Have you got big, sad puppy dog eyes, staring at you as you eat your dinner? Or as you open a bag of chips while watching TV? Or when you grab a quick snack after exercising?
A Great Pyrenees look of desperate desire for the food you’re eating can be hard to resist.
Not to mention, it can be fun to give your pup a delicious treat or share in whatever food you’re eating. It’s almost like bonding.
But it’s worth being careful. There are many foods that a dog’s digestive system wasn’t designed to consume—even if it’s safe for you!
Overall, it’s best to stick to a diet for your Pyr that was recommended by your vet, and vet-approved treats.
Now, you’ve probably heard that you shouldn’t give your dog chocolate. Chocolate contains theobromine which is a natural chemical found in the cocoa plant. It’s a stimulant and is very dangerous to dogs—too much of it can poison them.
You may have also heard to avoid onions, which can cause anemia, weakness, and difficulty breathing. And grapes (including raisins), which can lead to kidney failure.
But there are many other foods that you may not have heard of.
Xylitol is a sweetener commonly found in different varieties of candy and diet products. This can cause a Pyr’s blood pressure to suddenly drop. It can also cause seizures. So don’t sneak your pup any of your leftover Halloween candy or low-calorie dessert or low-calorie peanut butter, at least without checking the label first!
Caffeine is a powerful stimulant (as we all know!). If consumed by a Pyr, it can lead to restlessness, heart palpitations, and potentially death. Be careful with where you leave your half-finished latte!
Nuts are another food to avoid, especially walnuts and macadamia nuts. A lot of people snack on nuts year-round, and particularly during the holiday season. But this is one of those fun human-only snacks it is best to avoid sharing with your pup. These delicious treats can cause anything from vomiting, hyperthermia, weakness, and an inability to stand or walk in your pup. If consumed with chocolate, they can also lead to kidney failure. Be very careful with nuts.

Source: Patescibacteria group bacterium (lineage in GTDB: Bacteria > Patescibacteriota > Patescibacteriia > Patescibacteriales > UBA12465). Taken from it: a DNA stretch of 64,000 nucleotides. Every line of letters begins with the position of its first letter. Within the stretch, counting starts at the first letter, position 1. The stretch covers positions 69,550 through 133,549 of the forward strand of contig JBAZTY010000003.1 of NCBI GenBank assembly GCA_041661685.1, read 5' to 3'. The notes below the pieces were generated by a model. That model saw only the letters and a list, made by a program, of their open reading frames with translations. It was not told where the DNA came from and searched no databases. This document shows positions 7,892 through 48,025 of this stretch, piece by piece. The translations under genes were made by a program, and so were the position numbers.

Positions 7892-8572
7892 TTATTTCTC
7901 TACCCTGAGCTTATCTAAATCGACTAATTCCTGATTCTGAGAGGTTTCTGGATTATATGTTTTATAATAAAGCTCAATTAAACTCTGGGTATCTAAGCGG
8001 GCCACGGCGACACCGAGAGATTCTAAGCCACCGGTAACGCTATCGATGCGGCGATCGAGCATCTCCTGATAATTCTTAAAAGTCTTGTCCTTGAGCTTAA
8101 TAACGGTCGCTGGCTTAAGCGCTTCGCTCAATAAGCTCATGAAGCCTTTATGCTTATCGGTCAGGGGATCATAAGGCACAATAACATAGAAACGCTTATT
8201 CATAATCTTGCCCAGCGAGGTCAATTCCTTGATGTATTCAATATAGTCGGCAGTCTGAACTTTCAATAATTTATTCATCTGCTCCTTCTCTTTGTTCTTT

Medicine—this is really a no brainer, but a curious and clever Pyr can get into pretty much any cabinet. Don’t leave your medicines out on the counter—hide them the same way you would from a toddler. Many of the active ingredients even in over-the-counter medication are extremely toxic to pets, potentially causing ulcers, liver damage, kidney failure, and even death.
So what can you share with your Pyr?
Well, meat is typically fine, though it is best to avoid cooked fats like the skin on chicken or the big lumpy fat on steaks or roasts. In addition, a dog should never consume cooked poultry bones, as the bones can splinter and cause problems in their digestive tract.
Vegetables are also good—cooked or uncooked. Carrots, green beans, cucumbers slices, and zucchini are all okay. If you’re tempted to share potatoes with your Pyr, just make sure they are plain and cooked. No unripe potatoes or potato plants.
Fruits are also a great option, particularly apple, orange slices, bananas, and watermelon. Just be sure you’ve removed any seeds!
Bread is also fine, as long as it is cooked and there are no nuts or raisins added, as is plain rice or pasta.
And remember—you can always share dog treats with your pup while you enjoy your own human-friendly snack!
That said, accidents do happen! (One time my friend’s dog knocked a chocolate cake off the counter and ate the whole thing when she was out of the room for a minute—the dog was fine, but they were very worried!)
If you are ever worried about your Pyr, you can always call your vet. In the case of an emergency contact the ASPCA Animal Poison Control Center: (888) 426-4435.
Common signs of poisoning include muscle tremors, vomiting, diarrhea, excessive drooling, red skin, ears, and eyes, swelling, and bleeding.